The UK is expected to exceed their Kyoto targets. Their goal was a 12.5% below 1990 levels by 2010. The expected number is 23% below 1990 levels. Another goal is a 34% reduction of 1990 emissions by 2022. There is, of course, some questions as to which industries are included in those numbers. Even if some sectors are left out, the UK is clearly making progress – and their economy isn’t being destroyed because of it.
China is talking about a 15% renewable energy standard by 2020 as an official goal. Having set that goal, there is also talk that 20% would be necessary and attainable – a sentiment with which I agree.
India wants 20,000MW of solar capacity by 2020, 100,000MW by 2030 and 200,000MW by 2050. It’s a little confusing to see capacity increase by 80,000MW in 10 years (2020 to 2030), but then only an additional 100,000MW in 20 years. In any event, barring major economic or physical disasters, these goals are laudable and will almost certainly be raised once the price of deployment for PV drops.
Scotland has passed legislation that sets a more ambitious goal than the UK: 42% below 1990 levels by 2020! Thus, Scotland has passed, to date, the most ambitious climate pollution bill in the world. Given the fact the Scotland, the UK and the European Union are at a minimum near to achieving their Kyoto Protocol targets, the 2020 and 2050 targets should be within reach.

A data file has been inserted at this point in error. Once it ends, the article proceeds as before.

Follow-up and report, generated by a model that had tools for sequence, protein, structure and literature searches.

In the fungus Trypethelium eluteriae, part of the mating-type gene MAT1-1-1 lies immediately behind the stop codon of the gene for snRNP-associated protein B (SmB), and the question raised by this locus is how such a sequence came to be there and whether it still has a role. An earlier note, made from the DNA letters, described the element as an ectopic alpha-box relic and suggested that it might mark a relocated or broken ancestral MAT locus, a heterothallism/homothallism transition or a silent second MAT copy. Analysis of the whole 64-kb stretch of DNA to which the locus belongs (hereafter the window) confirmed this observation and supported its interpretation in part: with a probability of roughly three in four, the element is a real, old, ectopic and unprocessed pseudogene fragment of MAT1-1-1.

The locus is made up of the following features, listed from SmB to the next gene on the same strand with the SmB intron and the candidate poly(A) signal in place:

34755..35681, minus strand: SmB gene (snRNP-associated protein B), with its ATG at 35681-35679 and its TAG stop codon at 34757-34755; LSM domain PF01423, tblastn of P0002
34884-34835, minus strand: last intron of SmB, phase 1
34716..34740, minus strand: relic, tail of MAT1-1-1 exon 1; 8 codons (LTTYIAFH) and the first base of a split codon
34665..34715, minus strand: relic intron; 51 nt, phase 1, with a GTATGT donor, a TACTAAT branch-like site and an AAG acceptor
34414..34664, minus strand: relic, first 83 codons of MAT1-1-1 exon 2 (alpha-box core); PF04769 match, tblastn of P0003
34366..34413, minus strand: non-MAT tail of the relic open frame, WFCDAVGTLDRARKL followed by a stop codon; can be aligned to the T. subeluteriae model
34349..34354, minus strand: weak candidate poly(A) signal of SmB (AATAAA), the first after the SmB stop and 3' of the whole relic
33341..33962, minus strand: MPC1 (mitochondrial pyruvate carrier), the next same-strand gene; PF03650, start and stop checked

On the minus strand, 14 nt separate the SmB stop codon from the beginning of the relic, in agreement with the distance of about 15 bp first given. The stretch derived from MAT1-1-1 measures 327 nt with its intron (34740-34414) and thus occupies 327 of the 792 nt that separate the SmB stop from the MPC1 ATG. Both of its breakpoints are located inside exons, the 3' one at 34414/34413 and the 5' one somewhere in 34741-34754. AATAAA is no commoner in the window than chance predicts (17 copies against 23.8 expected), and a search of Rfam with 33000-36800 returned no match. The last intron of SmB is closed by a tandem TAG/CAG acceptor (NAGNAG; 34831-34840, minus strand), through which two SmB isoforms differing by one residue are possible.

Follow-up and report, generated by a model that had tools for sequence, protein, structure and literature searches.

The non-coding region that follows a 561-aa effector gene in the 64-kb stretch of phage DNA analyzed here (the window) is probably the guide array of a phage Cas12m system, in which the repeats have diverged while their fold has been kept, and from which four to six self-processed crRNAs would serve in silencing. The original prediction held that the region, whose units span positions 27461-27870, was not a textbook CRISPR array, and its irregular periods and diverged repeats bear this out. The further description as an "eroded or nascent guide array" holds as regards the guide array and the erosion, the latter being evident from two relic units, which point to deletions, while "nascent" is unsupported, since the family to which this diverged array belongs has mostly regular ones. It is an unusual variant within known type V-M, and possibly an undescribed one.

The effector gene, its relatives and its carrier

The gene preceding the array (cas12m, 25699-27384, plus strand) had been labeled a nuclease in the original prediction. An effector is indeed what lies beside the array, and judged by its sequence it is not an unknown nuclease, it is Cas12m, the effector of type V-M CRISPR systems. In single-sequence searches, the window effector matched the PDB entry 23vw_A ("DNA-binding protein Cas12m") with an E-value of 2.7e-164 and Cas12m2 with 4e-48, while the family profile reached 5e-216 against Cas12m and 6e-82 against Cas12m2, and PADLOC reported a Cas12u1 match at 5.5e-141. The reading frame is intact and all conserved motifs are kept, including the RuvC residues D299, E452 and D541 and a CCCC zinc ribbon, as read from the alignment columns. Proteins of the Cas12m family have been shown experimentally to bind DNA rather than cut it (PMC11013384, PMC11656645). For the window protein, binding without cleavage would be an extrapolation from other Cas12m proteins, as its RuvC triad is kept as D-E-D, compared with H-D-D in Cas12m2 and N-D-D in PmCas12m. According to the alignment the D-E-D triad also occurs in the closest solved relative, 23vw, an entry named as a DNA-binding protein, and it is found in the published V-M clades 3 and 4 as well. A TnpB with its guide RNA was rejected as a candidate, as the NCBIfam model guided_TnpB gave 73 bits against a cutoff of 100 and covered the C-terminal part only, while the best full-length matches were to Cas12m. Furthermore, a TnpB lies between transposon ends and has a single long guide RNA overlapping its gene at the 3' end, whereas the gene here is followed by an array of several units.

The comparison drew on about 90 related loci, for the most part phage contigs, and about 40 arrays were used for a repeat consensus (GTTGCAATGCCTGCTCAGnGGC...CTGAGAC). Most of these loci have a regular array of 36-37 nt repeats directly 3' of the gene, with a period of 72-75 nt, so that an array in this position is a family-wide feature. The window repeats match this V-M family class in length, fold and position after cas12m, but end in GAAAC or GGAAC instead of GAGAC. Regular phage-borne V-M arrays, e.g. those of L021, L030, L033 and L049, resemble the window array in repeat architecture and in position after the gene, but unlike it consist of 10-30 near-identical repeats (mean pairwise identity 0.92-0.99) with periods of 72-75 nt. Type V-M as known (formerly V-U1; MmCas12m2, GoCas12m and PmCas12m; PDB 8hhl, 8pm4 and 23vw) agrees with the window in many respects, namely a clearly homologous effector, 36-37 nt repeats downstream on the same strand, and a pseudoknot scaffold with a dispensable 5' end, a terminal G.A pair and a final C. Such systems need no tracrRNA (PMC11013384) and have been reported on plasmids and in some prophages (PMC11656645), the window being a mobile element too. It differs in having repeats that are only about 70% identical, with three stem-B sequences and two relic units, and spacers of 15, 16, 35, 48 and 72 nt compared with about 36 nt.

So how about the U.S., supposedly the most technologically advanced and entrepreneurial country in the world? As passed by the U.S. House of Representatives, our climate bill (still a long way from full Congressional approval) is setting a carbon emissions goal of 17% reduction of 2005 levels by 2020! This would be equivalent to a 4% reduction of 1990 levels – a big deficit to the UK’s ~34% or Scotland’s 42% by the same date. That’s one important reason to pay attention to the baseline year!!! ACESA also includes a renewable electricity standard (not a renewable energy standard – another important difference) of 20% by 2020. China’s 15% renewable energy standard goes further – a goal that I already mentioned the Chinese will likely surpass.
How do the policy numbers compare to the science numbers? The IPCC says that in order to keep global average temperature rise below 2°C we need to make emission reductions from 1990 levels of 25-40% by 2020. If ACESA passes Congress with the weak targets currently in place, I hope we cut our emissions more than what the legislation demands. The state of our planet depends upon it.